The notion that German Chancellor Angela Merkel should step up and take the lead within the EU to resolve tensions over Georgia and reshape the West’s relations with Moscow appears to be emerging, with analysts claiming Germany is the only country that Russia might listen to.
Two interesting – and thematically related – pieces look at past conflicts in relation the the Georgia / Russia spat over the last couple of days have prompted some thoughts along the old comparative history line (always an interesting intellectual exercise, as long as you don’t take it too seriously or literally).
The International Federation of Journalists (IFJ) asked Georgia to stop censoring Russian-language press and has asked for all sides of the conflict in South Ossetia to inform the public through "free reporting", reported gipp.ru.
"The world needs to know what is happening and we appeal to both Russian and Georgian authorities to allow media to operate and journalists to work freely", said Aidan White, IFJ General Secretary.
The image of the lobbyist is a part of the Brussels political landscape. These groups work in the spotlight, but also have a consulting role in the legislative process. Is this mature democracy or a skills deficit in Europe?
Given Russia’s moves on Georgia, it’s time for the United States to rethink its policy toward Iran.
The military and political leaders of the United States and Europe could be forgiven in August 2008 for recalling the English phrase "it never rains, but it pours". For they are currently faced by a series of security problems in relation to Russia, Afghanistan and Iran, each of which is testing in its own right but which together strain their resources (and perhaps nerves) to the limit. These are only part of a chain of problems for strategists of the "west" (a category that analysts are notably feeling more and more obliged to qualify or clarify) that is highlighted in this period alone by events in Algeria, Iraq, and Pakistan.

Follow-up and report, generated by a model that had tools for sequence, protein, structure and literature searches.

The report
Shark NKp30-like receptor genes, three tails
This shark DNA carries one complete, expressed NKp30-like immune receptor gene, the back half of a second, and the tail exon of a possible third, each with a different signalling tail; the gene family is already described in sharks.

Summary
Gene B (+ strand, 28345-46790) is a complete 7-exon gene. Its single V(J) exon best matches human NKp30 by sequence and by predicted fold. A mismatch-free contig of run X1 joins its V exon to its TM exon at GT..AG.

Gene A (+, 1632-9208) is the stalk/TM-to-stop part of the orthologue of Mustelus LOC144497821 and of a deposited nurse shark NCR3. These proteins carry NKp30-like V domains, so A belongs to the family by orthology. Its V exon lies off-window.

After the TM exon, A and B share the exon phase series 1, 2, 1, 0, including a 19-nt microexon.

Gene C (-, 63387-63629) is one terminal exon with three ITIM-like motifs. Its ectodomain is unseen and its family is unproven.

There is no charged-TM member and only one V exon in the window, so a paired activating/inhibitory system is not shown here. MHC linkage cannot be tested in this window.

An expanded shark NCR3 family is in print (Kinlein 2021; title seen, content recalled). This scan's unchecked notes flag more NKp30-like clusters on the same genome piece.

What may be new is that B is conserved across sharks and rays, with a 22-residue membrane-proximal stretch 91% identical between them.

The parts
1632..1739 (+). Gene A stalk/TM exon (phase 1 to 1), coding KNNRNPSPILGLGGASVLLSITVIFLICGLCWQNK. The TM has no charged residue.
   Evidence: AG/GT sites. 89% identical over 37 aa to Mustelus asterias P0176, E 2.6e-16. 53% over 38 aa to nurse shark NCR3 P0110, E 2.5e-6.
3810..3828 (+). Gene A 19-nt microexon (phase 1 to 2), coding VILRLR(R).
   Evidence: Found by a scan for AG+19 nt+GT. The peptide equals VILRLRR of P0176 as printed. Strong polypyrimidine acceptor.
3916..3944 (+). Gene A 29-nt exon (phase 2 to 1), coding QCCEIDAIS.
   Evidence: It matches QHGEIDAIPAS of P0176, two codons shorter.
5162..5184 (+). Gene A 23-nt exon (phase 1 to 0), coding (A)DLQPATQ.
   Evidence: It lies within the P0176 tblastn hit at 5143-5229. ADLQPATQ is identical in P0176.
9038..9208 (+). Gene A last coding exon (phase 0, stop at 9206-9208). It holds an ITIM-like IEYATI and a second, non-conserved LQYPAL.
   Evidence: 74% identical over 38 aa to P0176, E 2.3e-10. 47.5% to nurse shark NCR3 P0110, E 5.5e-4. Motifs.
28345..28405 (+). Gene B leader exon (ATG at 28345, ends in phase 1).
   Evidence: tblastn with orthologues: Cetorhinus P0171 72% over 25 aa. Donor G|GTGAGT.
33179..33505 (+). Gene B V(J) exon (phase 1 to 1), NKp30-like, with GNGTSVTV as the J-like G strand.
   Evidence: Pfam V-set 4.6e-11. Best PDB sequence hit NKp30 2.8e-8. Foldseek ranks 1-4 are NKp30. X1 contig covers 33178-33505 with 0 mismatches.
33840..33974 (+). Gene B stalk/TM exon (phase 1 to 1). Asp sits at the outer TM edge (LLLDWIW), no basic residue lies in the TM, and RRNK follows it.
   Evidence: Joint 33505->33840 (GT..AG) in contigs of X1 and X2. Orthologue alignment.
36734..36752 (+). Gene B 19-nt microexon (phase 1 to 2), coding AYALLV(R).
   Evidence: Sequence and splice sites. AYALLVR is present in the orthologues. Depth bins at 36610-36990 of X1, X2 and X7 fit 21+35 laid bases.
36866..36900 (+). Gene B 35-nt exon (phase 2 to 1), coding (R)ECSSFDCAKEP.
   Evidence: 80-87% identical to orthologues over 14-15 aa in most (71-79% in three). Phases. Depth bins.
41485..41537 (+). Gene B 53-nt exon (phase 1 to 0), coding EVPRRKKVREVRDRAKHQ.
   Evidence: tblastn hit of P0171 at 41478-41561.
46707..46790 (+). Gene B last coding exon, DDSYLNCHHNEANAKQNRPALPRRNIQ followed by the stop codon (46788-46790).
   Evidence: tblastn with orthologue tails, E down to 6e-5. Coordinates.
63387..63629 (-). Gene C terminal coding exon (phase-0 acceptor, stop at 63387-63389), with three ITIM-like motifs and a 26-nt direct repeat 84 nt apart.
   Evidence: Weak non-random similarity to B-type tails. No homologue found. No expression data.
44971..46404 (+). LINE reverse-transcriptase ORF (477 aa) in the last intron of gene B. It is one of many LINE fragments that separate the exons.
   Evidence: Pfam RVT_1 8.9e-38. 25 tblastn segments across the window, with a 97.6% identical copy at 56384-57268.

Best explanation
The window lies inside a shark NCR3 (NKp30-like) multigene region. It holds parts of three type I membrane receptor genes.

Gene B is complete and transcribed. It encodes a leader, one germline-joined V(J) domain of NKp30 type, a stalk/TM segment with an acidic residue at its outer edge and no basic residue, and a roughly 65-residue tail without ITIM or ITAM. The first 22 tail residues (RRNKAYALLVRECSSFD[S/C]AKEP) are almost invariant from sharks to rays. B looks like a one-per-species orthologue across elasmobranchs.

Matthew Derek Crosston: The West needs some serious balance in the way it analyzes and discusses the Georgian conflict. Academics, diplomats, and journalists have come forward with a united response to Ossetia: Russia is showing ‘imperialist ambitions’ and ‘a disproportionate reaction.’ This is ridiculous.
The German government has moved to restrict foreign investors’ influence in German companies. With the tightening of the foreign trade act passed on Wednesday, investors from outside the EU must in the future expect more stringent controls by the federal government when seeking to invest in German businesses. Europe’s press harshly criticises the new law.
The past three post very probably would not have written if – being on my way to become 15 – there had not been Alexander Dub?ek, the Prague Spring, and its end on August 21 1968, when as Václav Havel later put it, the ("brother"-) state(s) behaved like a girl blaming the mirror for being ugly, and therefore smashed it.